Since the early 2000s, the electricity industry in Turkey has been on the way of liberalization through privatization of distribution units, stimulating investments in generation and deregulation in the retail electricity market. Significant improvements have been achieved in the generation and wholesale markets. However, introducing competition in retail electricity supply has lagged behind expectations.
A variety of factors may explain this apparently unsatisfactory performance. In a recently published article, we examine the regulatory and market disharmony as an explanation. Specifically, we show that cost allocation of the support mechanism for renewable energy resources and suboptimal regulated retail tariffs have distorted economic incentives and undermined competition in the retail market for electricity.
Regulations to encourage growth in the development of renewable energy resources for electricity (RES-E) have been used since the 1990s in most jurisdictions worldwide. Incentives for RES-E based on specific support schemes, such as feed-in-tariff (FIT), have gained popularity by achieving high levels of renewable installed capacity during the last decades.
Turkey has implemented a RES-E mechanism since 2005. A generous FIT mechanism, structured as a fixed-price tariff, has been applied since 2010 and guarantees that generators can sell their electricity to the grid at supported prices. The cost gap is covered by retail suppliers through charges to final customers. However, this cost allocation scheme has an increasingly adverse effect on retail competition in the electricity sector. The increasing installed capacity in RES-E combined with the depreciation in TRL against USD (in which the FIT is given) has increased the pass-through cost to the retail suppliers and hence their price offers to customers.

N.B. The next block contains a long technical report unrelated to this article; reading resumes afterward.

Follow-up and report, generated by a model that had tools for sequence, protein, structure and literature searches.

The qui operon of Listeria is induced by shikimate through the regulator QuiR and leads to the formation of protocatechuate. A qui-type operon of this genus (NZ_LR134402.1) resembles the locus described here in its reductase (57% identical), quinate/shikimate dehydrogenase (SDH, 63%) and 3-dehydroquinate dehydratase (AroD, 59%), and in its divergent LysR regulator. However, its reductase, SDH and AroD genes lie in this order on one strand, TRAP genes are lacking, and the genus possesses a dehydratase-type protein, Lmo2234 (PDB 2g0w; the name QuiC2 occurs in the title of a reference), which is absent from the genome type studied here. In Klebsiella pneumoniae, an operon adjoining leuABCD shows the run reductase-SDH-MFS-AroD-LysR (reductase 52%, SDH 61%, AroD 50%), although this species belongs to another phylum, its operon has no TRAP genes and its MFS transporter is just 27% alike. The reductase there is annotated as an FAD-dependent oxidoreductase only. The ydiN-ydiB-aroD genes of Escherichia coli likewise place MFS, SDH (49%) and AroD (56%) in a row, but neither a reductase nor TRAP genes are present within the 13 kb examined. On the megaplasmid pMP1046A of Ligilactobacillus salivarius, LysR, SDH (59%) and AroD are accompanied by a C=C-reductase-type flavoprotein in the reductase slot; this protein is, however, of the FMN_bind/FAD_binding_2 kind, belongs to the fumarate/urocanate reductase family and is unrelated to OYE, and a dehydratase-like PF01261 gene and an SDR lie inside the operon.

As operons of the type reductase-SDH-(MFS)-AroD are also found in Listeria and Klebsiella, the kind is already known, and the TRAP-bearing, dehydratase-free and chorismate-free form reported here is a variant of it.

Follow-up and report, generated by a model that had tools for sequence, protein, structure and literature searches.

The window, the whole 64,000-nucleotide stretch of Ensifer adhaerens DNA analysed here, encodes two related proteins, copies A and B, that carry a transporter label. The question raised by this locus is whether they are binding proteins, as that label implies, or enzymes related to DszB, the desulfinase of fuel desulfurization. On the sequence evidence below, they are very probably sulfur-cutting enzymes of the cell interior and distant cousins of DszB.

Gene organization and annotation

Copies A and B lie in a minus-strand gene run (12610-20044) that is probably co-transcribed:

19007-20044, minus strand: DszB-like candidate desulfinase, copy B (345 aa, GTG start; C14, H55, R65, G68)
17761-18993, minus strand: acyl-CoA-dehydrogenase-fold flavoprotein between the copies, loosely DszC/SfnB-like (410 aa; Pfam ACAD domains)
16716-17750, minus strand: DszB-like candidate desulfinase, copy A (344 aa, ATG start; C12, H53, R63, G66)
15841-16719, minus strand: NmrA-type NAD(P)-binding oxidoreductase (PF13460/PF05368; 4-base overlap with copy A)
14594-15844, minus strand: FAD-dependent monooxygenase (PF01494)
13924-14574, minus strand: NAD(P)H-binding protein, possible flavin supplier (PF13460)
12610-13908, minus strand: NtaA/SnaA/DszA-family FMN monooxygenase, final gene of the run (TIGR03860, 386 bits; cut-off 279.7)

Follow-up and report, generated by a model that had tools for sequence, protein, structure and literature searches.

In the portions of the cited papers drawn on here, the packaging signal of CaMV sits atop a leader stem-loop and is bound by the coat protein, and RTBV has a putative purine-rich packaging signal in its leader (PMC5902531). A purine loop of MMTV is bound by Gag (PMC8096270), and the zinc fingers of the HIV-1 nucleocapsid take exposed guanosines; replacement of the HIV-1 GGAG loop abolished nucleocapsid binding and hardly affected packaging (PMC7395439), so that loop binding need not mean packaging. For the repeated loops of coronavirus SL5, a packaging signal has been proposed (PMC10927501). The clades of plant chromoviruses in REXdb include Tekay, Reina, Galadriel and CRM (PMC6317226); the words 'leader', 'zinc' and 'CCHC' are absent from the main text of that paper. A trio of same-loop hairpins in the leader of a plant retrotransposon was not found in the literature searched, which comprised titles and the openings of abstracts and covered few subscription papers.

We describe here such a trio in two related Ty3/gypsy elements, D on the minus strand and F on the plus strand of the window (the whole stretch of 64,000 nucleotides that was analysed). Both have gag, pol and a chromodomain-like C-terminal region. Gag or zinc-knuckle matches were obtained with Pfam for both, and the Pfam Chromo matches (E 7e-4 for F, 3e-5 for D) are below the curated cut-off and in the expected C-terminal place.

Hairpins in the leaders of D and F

The increase in final customer electricity prices caused by RES-E support schemes has been examined in the literature. What makes the Turkish case interesting is the regulated retail tariffs, which prevent the increase in final electricity prices by creating a ceiling for the retailers’ commercial offers. Market distortions associated with regulated prices in electricity markets have been examined. This analysis shows how the regulated retail tariffs accompanied by the RES-E support mechanism affect retail competition. We show, through the Turkish case, how competition and regulation are two sides of the same coin in a network industry.
The reference of the article is given below:
Köksal, E. & Ardıyok, Ş. (2018). Regulatory and Market Disharmony in the Turkish Electricity Industry. Utilities Policy, 55, 90-98. https://doi.org/10.1016/j.jup.2018.10.001